Central district reduces max tax hike, passes final budget
Central York School District officials were planning on a maximum tax increase for the district's 2019-20 budget, but board members opted to use reserve funds to buy down the tax rate.
"We have more income and we spend more, and we've had this conversation time and time again," said board member Jane Johnson, who pushed for lower taxes to be a priority in the 2019-20 budget.
A budget of about $92.95 million in expenditures passed June 17 — slightly lower than April projections of $93.3 million — with revenue of $92.76 million and a tax increase of 2%, leaving a deficit of $193,822 to be covered with PSERS reserves.
It was approved with a 6-1 vote, with board member Karl Peckmann opposed and members Veronica Gemma and Joseph Gothie absent.
Central received $115,000 in new revenue based on interim/rollback taxes from a Local Economic Revitalization Tax Assistance property accepted last month.
By May, the district had reduced its 2.9% tax increase from April projections down to 2.55%, but business manager Brent Kessler said on June 10 that the district would still need a 2.35% tax increase to balance the budget.
The district has a debt service of $8 million each year, which will drop off in four years. In order to maintain those payments, the district is slated to increase taxes each year. But the question came up of whether that was necessary.
"It's cumulative and everybody's feeling it, and I think that there are a lot of people that will say that they love what Central does and they don't have a problem with the tax increase, but that's not fair to say that that's the majority of the people," Johnson said.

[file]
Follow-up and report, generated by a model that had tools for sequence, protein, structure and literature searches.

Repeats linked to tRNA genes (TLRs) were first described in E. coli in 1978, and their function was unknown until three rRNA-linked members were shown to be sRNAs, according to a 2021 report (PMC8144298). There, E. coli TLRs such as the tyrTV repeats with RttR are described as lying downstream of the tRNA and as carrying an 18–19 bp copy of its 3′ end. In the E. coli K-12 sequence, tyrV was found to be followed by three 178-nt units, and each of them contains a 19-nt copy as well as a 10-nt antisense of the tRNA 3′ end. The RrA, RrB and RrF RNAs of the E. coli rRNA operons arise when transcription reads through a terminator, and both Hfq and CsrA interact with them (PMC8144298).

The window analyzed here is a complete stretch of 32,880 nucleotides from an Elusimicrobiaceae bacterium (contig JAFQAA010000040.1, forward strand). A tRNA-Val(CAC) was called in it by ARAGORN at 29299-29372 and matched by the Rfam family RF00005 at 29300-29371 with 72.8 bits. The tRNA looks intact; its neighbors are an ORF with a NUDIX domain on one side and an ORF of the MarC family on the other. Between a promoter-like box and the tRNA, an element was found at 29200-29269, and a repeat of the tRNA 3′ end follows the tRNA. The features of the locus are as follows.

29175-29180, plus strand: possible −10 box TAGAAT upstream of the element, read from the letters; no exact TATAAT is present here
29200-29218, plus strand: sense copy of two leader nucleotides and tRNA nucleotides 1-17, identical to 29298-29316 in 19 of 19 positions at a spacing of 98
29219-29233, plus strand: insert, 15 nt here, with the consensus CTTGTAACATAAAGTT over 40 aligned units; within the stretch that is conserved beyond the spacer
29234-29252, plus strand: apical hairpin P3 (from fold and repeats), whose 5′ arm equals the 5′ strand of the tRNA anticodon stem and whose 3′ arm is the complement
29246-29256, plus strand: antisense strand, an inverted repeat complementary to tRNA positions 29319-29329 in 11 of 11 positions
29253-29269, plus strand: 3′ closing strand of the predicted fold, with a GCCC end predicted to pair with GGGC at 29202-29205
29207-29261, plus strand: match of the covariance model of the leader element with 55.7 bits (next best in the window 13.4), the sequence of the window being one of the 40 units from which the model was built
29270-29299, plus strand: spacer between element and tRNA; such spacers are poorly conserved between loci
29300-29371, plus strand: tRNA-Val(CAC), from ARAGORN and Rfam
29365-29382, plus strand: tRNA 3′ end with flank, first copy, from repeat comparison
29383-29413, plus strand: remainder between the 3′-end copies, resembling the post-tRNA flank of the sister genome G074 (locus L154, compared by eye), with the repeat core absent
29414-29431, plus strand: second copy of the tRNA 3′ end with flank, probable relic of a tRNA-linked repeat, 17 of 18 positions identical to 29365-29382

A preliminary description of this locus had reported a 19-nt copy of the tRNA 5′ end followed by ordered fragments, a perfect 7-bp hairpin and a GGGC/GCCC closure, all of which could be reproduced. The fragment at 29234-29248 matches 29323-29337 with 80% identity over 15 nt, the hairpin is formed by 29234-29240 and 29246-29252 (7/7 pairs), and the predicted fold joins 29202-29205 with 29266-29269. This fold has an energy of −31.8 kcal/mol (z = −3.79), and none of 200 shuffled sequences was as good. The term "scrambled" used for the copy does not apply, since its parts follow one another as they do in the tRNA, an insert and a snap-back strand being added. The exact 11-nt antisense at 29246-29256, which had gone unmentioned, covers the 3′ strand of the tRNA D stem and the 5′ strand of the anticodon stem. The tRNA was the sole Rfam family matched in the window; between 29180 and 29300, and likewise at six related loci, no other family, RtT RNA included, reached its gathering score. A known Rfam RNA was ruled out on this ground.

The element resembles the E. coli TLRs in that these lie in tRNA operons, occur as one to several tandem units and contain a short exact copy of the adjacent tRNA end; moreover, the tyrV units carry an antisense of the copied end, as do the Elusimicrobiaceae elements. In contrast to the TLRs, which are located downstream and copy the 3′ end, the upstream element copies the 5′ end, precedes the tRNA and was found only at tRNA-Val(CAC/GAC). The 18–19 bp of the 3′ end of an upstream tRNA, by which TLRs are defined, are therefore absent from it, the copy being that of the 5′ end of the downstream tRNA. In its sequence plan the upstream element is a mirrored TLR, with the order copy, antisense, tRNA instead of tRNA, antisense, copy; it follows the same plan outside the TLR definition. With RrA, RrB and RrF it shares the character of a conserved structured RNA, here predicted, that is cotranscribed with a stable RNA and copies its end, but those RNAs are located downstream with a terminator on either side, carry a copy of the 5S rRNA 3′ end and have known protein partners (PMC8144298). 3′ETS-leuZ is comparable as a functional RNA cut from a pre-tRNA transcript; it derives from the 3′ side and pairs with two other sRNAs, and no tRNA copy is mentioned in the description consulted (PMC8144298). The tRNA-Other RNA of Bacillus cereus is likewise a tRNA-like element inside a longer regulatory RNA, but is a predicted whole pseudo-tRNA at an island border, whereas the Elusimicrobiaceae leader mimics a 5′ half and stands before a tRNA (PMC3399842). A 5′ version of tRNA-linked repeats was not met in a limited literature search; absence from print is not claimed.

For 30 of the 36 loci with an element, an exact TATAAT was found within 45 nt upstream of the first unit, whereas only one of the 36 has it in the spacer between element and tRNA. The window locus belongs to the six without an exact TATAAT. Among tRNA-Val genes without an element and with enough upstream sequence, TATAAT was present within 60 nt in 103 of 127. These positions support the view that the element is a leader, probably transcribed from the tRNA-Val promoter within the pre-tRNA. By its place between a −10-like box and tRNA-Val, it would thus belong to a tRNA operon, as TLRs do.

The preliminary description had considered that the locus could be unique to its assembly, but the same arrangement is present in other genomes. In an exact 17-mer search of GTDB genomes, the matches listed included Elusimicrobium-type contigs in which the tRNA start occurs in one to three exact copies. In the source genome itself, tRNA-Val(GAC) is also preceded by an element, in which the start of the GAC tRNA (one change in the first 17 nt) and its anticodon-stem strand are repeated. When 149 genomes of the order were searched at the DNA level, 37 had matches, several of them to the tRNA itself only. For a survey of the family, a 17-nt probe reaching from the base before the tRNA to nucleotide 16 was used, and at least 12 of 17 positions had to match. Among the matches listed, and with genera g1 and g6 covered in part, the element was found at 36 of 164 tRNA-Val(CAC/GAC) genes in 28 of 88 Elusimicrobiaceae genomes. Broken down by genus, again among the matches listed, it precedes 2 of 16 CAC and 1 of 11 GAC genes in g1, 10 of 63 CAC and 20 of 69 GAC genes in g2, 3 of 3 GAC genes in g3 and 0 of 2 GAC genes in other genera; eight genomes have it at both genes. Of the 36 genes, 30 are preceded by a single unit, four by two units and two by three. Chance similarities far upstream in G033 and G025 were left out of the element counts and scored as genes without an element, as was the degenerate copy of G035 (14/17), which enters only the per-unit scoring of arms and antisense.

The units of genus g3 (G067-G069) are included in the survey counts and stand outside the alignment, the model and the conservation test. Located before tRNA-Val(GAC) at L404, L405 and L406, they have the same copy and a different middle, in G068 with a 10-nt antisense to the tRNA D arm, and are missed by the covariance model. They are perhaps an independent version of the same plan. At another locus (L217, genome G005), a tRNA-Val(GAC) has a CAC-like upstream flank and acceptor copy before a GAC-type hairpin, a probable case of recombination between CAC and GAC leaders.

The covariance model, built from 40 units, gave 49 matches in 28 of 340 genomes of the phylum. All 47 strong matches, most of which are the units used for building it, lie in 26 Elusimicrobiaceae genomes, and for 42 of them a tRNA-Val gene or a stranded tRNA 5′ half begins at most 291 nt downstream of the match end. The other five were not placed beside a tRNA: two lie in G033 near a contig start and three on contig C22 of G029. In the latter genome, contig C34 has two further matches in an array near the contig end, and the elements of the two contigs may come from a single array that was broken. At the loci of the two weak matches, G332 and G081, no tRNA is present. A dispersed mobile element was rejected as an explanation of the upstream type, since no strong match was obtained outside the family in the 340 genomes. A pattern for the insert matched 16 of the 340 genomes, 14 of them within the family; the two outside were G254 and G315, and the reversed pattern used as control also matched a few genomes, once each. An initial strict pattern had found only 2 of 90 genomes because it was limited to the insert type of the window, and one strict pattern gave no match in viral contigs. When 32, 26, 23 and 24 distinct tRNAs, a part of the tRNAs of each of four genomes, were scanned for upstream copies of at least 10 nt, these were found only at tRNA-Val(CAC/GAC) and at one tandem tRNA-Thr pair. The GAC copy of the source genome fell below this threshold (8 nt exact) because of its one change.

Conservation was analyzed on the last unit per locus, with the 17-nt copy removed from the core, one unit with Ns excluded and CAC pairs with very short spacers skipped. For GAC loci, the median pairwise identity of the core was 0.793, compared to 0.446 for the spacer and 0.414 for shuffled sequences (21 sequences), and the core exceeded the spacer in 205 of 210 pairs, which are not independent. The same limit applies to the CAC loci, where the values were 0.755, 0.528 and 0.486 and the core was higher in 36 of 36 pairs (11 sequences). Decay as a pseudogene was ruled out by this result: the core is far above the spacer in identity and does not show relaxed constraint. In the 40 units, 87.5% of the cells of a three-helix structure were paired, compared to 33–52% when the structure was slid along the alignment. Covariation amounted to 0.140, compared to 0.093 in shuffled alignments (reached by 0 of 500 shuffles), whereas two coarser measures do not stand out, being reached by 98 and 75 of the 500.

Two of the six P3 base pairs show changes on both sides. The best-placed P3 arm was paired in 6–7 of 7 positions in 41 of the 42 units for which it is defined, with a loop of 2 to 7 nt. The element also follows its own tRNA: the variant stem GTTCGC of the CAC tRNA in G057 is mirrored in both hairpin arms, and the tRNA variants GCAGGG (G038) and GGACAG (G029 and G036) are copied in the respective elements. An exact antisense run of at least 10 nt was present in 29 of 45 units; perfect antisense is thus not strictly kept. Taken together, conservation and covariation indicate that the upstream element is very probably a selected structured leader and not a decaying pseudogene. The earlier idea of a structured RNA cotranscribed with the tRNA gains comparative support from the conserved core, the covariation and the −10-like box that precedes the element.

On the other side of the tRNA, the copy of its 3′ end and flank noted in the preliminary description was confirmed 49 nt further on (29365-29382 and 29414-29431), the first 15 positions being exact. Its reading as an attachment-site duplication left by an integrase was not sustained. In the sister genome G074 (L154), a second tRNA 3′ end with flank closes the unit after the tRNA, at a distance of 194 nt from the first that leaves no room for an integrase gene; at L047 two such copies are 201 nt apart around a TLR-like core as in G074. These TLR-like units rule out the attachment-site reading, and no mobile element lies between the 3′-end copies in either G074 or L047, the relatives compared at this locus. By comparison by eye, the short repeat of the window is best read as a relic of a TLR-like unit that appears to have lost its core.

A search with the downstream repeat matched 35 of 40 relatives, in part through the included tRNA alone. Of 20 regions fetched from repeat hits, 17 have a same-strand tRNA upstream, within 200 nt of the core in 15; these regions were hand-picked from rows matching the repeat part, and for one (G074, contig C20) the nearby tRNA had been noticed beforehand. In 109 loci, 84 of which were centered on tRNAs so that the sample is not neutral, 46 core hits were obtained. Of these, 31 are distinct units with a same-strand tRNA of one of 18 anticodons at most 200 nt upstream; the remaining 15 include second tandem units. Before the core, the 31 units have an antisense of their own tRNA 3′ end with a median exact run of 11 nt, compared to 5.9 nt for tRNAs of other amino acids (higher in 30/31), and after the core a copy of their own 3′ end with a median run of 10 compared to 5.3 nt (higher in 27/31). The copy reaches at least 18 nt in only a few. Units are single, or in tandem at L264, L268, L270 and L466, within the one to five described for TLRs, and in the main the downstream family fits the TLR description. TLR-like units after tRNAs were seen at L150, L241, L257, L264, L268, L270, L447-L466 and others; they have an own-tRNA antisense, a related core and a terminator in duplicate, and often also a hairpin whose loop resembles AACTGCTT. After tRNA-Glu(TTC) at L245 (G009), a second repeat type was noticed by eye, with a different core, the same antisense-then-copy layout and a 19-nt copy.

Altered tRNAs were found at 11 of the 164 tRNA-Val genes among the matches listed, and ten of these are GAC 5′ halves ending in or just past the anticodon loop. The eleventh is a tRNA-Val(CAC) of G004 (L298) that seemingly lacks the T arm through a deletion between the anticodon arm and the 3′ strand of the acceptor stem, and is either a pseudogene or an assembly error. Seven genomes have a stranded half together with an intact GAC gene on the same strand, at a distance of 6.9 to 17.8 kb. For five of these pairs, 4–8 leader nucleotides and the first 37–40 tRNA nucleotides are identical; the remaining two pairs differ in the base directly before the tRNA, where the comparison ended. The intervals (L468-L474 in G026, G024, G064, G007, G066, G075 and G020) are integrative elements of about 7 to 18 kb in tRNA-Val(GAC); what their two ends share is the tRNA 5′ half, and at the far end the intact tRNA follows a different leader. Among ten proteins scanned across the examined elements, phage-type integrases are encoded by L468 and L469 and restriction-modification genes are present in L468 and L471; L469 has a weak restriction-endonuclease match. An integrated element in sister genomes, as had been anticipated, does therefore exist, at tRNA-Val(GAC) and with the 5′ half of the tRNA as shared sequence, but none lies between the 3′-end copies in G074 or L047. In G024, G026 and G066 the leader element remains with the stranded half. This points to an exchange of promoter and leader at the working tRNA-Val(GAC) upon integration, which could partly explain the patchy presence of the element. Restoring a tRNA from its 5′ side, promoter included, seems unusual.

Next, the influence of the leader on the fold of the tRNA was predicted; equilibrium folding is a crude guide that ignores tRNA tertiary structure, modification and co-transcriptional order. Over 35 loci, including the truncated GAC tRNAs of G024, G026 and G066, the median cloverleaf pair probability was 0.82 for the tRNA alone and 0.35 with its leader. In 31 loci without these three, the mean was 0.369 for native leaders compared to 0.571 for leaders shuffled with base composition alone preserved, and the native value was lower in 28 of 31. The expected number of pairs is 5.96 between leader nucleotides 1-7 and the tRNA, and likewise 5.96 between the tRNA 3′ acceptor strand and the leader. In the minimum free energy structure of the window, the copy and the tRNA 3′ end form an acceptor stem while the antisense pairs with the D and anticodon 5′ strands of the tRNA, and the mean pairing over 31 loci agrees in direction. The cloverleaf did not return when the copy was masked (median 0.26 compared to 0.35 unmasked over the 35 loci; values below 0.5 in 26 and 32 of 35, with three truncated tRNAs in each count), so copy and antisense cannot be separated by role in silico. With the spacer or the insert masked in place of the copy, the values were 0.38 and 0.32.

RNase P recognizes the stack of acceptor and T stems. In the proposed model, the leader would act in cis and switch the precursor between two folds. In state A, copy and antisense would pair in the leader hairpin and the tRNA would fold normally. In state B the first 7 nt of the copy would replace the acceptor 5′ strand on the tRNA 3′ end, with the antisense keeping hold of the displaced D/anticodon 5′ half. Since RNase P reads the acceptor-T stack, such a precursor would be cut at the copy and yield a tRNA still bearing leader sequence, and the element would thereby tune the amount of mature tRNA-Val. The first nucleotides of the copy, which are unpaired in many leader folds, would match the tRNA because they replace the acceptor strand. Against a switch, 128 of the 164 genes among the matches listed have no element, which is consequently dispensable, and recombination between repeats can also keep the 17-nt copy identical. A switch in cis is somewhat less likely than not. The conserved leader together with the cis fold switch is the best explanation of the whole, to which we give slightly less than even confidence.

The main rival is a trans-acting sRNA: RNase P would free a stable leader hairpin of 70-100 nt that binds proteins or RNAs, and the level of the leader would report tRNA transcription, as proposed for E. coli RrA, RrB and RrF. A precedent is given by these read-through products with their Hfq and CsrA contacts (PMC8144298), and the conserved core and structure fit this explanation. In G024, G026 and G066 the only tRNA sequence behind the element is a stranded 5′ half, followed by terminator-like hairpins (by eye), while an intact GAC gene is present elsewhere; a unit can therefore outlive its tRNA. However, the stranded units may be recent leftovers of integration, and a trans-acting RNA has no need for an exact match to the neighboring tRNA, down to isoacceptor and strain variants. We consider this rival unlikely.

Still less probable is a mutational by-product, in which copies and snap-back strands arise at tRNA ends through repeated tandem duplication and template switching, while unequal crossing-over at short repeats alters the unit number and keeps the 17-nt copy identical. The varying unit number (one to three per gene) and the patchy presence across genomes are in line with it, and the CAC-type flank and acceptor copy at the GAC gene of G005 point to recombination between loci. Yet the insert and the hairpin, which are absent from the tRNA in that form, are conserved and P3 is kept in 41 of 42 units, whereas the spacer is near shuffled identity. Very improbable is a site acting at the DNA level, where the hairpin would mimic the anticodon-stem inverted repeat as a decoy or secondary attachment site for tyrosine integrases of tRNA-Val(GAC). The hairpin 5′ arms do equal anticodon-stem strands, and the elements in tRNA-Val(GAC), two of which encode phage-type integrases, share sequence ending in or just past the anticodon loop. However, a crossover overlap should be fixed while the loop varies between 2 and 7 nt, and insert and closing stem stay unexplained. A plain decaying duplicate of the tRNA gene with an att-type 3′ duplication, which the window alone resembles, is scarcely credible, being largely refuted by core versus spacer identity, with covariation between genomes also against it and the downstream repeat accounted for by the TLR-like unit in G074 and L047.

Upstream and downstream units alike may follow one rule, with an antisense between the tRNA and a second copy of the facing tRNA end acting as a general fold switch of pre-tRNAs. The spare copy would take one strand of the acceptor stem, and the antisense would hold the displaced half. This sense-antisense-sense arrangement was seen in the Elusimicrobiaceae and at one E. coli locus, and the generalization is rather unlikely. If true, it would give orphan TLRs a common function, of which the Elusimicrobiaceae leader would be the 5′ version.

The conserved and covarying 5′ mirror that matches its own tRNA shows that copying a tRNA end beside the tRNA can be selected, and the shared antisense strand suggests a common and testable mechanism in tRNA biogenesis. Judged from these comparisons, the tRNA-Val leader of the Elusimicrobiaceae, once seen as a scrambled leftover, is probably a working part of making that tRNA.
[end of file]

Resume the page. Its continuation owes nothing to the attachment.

If the district would cut its $300,000 transfer to capital reserve projects, she said, maybe there wouldn't be a need for a tax increase at all.
But Gothie, reached by phone after the meeting, said that as much as the board would hate to raise taxes, members have to think about the future.
"We're robbing Peter to pay Paul whenever we take money out of the capital reserve," he said, adding that there would be some big capital expenses in the next few years, which could also come back on taxpayers.
Back in May, the suggested capital reserve transfer had been $500,000, and that amount was reduced to $300,000 by June 10, but board members discussed cutting it even further.
Kessler said to have a balanced budget, the district could go as low as a 1.9% or 1.8% tax increase without any transfer or a 2% increase with a $100,000 transfer.
However, millage could also be lowered with money from the fund balance, said board member Michael Wagner, and board President Eric Wolfgang agreed, saying it's important to fund the capital reserve.
Kessler added that once the debt drops off, it could help in replenishing capital reserve funds.
But Gothie said cutting capital reserves now "may end up moving the goalpost further" on the district being debt-free, noting a previous HVAC project that had added another year to the debt service.
Ultimately, board members approved the $300,000 transfer but reduced the tax increase to 2%, which will be $66.28 more on the average homeowner's bill.